apple store fifth avenue black friday
apple store fifth av
TROY, MI - NOVEMBER 28: Customers receive Wal-Mart sales circulars as they wait in line to enter the store Thanksgiving day on November 28, 2013 in Troy, Michigan. Black Friday shopping began early this year with most major retailers opening their doors on Thanksgiving day as consumers took advantage of discounted prices to prepare for the holiday season. (Photo by Joshua Lott/Getty Images)
Shoppers line up for a Black Friday sale at a Target Corp. store in Mentor, Ohio, U.S., on Thursday, Nov. 24, 2011. Retailers are pouring on the discounts to attract consumers grappling with 9 percent unemployment and a slower U.S. economic expansion than previously estimated. Photographer: Daniel Acker/Bloomberg via Getty Images
Shoppers wait in line to make purchases at a Super Target store in Thornton, Colorado, U.S., on Friday, Nov. 26, 2010. Shoppers on Black Friday, the biggest shopping day of the year, are taking advantage of deals as they face down a slower economic recovery than projected. Photographer: Matthew Staver/Bloomberg via Getty Images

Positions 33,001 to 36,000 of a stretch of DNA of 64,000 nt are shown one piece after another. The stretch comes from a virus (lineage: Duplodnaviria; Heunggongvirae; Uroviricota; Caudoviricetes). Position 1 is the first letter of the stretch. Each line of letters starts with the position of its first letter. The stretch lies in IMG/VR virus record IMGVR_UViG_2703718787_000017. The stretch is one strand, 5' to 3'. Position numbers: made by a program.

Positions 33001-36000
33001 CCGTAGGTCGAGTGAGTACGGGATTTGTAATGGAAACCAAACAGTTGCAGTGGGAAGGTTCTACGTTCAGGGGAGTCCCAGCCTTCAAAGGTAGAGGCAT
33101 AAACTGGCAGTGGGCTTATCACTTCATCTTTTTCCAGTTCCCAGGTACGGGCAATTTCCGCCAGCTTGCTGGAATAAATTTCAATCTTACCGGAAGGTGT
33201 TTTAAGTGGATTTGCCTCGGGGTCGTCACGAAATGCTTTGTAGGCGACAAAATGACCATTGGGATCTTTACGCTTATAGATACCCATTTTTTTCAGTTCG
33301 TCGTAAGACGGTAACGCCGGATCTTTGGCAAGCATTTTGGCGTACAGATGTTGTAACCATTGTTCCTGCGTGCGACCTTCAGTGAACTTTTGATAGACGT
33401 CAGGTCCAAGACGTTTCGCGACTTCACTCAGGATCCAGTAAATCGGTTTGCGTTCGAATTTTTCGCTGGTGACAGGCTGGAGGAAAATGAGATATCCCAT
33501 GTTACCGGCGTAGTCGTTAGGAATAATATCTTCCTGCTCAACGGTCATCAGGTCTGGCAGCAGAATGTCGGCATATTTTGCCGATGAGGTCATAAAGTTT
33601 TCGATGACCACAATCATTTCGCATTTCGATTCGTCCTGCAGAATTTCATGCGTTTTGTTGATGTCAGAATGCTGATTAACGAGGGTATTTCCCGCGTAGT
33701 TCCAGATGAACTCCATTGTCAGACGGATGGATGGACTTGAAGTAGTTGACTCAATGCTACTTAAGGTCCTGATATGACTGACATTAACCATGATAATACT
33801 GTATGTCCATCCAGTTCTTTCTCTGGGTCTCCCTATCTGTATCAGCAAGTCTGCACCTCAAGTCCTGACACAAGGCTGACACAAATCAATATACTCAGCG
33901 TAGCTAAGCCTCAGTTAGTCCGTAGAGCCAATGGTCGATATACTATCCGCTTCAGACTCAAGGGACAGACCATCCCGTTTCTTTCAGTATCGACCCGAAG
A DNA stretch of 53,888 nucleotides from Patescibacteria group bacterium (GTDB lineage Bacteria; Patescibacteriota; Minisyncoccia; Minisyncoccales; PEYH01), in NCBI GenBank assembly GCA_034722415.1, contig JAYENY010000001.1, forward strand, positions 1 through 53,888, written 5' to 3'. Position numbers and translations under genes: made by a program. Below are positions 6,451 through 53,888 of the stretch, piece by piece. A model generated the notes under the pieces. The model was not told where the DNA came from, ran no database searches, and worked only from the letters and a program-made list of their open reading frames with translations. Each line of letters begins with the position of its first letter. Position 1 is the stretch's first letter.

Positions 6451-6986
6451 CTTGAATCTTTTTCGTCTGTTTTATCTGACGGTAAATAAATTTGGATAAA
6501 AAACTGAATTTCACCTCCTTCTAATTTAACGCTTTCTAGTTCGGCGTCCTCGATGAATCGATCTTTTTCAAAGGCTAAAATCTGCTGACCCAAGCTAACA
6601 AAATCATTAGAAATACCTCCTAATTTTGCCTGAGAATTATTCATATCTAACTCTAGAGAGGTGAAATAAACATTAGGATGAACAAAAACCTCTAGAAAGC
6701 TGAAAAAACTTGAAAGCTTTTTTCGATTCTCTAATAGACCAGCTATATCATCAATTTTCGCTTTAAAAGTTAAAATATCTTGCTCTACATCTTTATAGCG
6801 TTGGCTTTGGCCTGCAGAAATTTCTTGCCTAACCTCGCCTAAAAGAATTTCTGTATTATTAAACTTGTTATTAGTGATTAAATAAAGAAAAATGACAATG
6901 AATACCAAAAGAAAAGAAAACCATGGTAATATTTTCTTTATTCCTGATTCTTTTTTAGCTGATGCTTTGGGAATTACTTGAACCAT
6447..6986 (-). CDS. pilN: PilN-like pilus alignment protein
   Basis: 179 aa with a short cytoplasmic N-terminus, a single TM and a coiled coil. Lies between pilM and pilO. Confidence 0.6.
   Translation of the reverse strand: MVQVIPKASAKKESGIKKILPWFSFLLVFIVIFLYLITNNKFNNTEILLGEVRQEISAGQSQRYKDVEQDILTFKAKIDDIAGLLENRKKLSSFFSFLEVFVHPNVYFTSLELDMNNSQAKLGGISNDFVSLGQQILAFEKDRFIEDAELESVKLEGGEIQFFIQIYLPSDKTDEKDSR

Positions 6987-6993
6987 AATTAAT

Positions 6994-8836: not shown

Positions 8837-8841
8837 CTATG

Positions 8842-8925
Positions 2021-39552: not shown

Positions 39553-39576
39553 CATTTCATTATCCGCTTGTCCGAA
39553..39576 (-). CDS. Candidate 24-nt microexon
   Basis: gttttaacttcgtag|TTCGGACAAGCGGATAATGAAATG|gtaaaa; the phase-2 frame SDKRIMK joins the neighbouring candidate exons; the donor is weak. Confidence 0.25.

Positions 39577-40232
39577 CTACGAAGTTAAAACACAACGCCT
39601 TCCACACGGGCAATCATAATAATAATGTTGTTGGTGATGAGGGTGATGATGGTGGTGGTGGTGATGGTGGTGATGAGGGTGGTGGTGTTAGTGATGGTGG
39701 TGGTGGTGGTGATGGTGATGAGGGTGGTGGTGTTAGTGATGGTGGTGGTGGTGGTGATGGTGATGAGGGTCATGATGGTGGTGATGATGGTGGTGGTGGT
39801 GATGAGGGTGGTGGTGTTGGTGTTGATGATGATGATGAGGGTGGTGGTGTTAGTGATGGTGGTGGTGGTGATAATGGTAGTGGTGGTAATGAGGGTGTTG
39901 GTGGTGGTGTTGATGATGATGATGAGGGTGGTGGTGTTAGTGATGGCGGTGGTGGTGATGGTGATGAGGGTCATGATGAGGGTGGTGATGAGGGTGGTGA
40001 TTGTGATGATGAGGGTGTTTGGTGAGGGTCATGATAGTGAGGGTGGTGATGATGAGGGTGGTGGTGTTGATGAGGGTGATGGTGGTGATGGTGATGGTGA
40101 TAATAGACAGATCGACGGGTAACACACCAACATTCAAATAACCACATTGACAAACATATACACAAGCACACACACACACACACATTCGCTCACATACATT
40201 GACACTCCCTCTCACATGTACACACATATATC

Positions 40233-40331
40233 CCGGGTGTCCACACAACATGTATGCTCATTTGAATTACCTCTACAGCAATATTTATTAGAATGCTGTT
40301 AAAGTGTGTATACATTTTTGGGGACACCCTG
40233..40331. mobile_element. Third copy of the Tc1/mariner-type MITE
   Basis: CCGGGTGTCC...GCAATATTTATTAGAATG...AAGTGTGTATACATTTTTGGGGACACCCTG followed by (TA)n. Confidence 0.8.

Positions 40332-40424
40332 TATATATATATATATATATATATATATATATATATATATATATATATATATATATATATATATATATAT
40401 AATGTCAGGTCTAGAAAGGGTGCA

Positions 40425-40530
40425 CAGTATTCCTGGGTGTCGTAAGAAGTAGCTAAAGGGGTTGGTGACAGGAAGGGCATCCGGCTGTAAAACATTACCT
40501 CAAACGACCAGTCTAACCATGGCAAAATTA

Tabitha Taormina, 13, lays on the ground while waiting in line for laptop computers at a Wal-Mart Supercenter in Denver, Colorado, U.S., on Friday, Nov. 27, 2009. Shoppers gathered at Best Buy Co., Target Corp. and Toys 'R' Us Inc. stores from New Jersey to Texas well before midnight yesterday to take advantage of Black Friday deals on televisions, laptops and robot hamsters. Photographer: Matthew Staver/Bloomberg via Getty Images
FORT WORTH, TX - NOVEMBER 27: Shopper Trey Hoffman tries to get some rest while waiting in line for the 5 a.m. opening of a Target store on November 27, 2009 in Fort Worth, Texas. Many shoppers waited in line for hours for the chance to snatch up limited quantity specials that the store was offering. According to the National Retail Federation, a trade organization, as many as 134 million people, 4.7% more than last year, will shop over the next three days. (Photo by Tom Pennington/Getty Images)
PLEASANT PRAIRIE, WI - NOVEMBER 28: Holiday shoppers race around for gifts after braving the cold temperatures out side of Target as they start the traditional holiday shopping season November 28, 2008 in Pleasant Prairie, Wisconsin. The day after Thanksgiving is typically the busiest shopping day of the year and traditionally a indicator of the economy and how the holiday shopping season will go. (Photo by Darren Hauck/Getty Images)